Friday, 07 August 2020


Unlikely TCDC will be prosecuted for breach of Whitianga water consent

It is unlikely that Thames-Coromandel District Council will be prosecuted for breaching their resource consent to supply water to Whitianga during last summer’s prolonged drought. This confirmation was provided to The Informer after councillors heard at a full council meeting on Tuesday from Whitianga Residents and Ratepayers Association chair, Len Salt, that Waikato Regional Council “was not impressed” with TCDC.

The Whangamaroro River is Whitianga’s sole source of water. Under a consent TCDC obtained from WRC in 2006, up to 8,000m³ of water can be taken from the river on a daily basis to supply the town. The consent stipulates that less water must be taken if the flow of the river falls below 643l per second. When the flow drops to below 440l, TCDC is technically required to stop taking any water. TCDC continued to take water despite the fact that the flow was below the required minimum for most of the summer (and well into autumn). The consent is expiring in 2025.

A total watering ban came into force in Whitianga on 30 December last year and remained in place until 28 May, when the ban was eased to the use of sprinklers, hoses and irrigation systems on alternate days. The alternate days restriction was relaxed to a “conserve water” status on 11 June.

“[WRC] is at the point in the conversations I’ve had with them that they are starting to get grumpy about the fact that TCDC had a consent [to take water from the Whangamaroro River] for 14 years and haven’t done anything about improving or changing the [Whitianga] water supply or putting in place an alternative water supply,” Mr Salt told the councillors.

“Now, what that means for TCDC is that TCDC runs the risk of being fined or sanctioned, or court action by WRC. I’m sure that’s not something that this council wants to risk, but it needs to be taken seriously.”

Mr Salt also referred to the fact that a proposal in the Mercury Bay Community Board’s recent submission on TCDC’s draft Annual Plan for the 2020/2021 financial year to allocate $150,000 towards an investigation into a more secure water supply for Whitianga was not agreed to by the councillors.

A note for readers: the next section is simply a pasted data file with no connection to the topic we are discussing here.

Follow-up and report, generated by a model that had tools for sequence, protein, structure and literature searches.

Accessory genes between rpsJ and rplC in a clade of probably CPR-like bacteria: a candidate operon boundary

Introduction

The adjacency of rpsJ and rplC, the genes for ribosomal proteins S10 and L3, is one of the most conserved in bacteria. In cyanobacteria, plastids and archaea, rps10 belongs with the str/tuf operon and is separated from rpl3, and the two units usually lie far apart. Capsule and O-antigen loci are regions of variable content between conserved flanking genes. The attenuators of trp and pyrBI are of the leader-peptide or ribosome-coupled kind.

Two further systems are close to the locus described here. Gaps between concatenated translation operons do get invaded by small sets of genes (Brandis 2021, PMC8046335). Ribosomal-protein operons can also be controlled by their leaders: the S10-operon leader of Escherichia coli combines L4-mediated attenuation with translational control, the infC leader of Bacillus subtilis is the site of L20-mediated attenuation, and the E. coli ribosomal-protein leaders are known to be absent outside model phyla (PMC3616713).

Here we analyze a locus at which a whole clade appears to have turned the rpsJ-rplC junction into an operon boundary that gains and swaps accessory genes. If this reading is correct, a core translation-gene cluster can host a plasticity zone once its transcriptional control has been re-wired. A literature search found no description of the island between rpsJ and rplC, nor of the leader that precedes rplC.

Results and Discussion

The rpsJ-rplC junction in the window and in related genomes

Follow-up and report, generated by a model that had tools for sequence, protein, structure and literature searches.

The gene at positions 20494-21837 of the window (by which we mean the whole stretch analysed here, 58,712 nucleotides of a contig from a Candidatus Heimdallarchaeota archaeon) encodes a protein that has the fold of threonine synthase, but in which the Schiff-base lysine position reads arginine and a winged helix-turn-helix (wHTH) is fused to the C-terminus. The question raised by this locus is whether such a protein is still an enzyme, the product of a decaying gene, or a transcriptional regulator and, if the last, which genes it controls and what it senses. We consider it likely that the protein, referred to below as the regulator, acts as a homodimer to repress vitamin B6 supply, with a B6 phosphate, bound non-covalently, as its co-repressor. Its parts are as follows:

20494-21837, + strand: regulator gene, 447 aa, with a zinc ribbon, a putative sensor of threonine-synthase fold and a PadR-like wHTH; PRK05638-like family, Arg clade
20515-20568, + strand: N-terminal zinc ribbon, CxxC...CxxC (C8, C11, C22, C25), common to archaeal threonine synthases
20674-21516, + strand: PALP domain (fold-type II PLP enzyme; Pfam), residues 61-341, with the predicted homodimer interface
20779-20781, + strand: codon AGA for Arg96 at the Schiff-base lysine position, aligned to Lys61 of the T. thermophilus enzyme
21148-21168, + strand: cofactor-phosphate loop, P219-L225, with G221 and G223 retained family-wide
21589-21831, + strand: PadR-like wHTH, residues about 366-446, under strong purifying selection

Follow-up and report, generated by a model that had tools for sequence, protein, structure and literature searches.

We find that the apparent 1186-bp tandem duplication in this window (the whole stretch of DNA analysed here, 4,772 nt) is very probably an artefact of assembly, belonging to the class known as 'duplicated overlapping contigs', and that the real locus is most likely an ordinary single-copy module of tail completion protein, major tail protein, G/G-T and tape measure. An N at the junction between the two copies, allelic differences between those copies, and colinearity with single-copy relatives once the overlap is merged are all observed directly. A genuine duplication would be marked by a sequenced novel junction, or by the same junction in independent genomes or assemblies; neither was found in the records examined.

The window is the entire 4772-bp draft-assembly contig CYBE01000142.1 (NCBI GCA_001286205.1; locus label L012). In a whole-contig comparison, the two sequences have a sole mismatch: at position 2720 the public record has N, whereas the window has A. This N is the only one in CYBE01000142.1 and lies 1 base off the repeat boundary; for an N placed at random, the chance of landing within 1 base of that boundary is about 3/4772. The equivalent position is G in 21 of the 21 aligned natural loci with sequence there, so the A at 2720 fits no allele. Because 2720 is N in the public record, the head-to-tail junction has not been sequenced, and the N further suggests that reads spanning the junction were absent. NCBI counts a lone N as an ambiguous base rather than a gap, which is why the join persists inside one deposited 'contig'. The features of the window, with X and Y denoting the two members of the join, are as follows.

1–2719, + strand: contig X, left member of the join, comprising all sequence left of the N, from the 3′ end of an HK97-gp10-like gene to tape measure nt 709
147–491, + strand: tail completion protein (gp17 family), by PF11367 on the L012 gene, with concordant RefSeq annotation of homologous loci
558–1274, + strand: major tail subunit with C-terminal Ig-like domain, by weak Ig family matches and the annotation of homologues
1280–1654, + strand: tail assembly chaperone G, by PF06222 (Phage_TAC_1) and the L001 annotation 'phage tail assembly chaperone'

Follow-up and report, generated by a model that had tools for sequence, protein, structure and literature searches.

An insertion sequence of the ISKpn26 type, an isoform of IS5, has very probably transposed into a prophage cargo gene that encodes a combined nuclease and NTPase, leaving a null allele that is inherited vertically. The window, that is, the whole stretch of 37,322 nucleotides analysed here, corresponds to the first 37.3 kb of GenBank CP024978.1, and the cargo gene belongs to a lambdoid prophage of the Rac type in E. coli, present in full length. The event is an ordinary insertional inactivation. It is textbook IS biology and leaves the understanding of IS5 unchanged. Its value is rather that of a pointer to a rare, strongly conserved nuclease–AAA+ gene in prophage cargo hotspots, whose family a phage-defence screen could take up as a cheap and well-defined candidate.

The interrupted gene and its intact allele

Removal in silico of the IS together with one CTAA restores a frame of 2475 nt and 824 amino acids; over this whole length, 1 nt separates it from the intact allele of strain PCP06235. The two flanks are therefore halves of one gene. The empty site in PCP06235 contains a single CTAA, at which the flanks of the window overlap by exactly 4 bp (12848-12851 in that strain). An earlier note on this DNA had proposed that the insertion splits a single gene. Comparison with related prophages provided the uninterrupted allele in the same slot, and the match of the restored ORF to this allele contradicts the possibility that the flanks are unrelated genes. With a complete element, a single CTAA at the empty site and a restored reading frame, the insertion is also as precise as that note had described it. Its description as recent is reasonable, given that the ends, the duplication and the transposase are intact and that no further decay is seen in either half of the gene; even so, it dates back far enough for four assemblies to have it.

According to Laurna White, TCDC’s Economic Development and Communications Group Manager, the Mercury Bay Community Board proposal is a new project and should be dealt with through the Long Term Plan process. “The process for the TCDC Long Term Plan 2021-2031 is due to commence shortly and if the request for funding is approved, an initial investigation of the water options can be conducted,” she said.

One of the Mercury Bay Ward councillors on TCDC, Tony Fox, confirmed that a proposal to investigate the better conservation of water and alternative water sources will most likely form part of the Long Term Plan 2021-2031, but all of TCDC’s water supply schemes will be looked at, not just Whitianga.

When The Informer enquired from WRC with regard to their position on TCDC’s breach of their consent to supply water to Whitianga, Resource Use Manager, Brent Sinclair, said they were aware of the breach. “TCDC kept us informed of the challenges they were facing at the time to ensure the essential water needs of the Whitianga community were met,” he said. “From what we understand, TCDC took all reasonable steps to manage water demand, including moving to the highest water restrictions available, to minimise the extent of non-compliance while still providing for… essential needs.

“When the resource consent was granted about 14 years ago, it was WRC and local iwi expectation that TCDC would put in place a long-term strategy to manage the risks during periods of low rainfall. This does not appear to have happened and that is disappointing. TCDC needs to address this issue, to ensure they have resilience within their water supply system when these circumstances arise, otherwise they may well find themselves in the position again where they are unable to comply with the consent.  Ongoing non-compliance is simply not tenable.  This is even more relevant as we see changes in rainfall patterns with climate change.”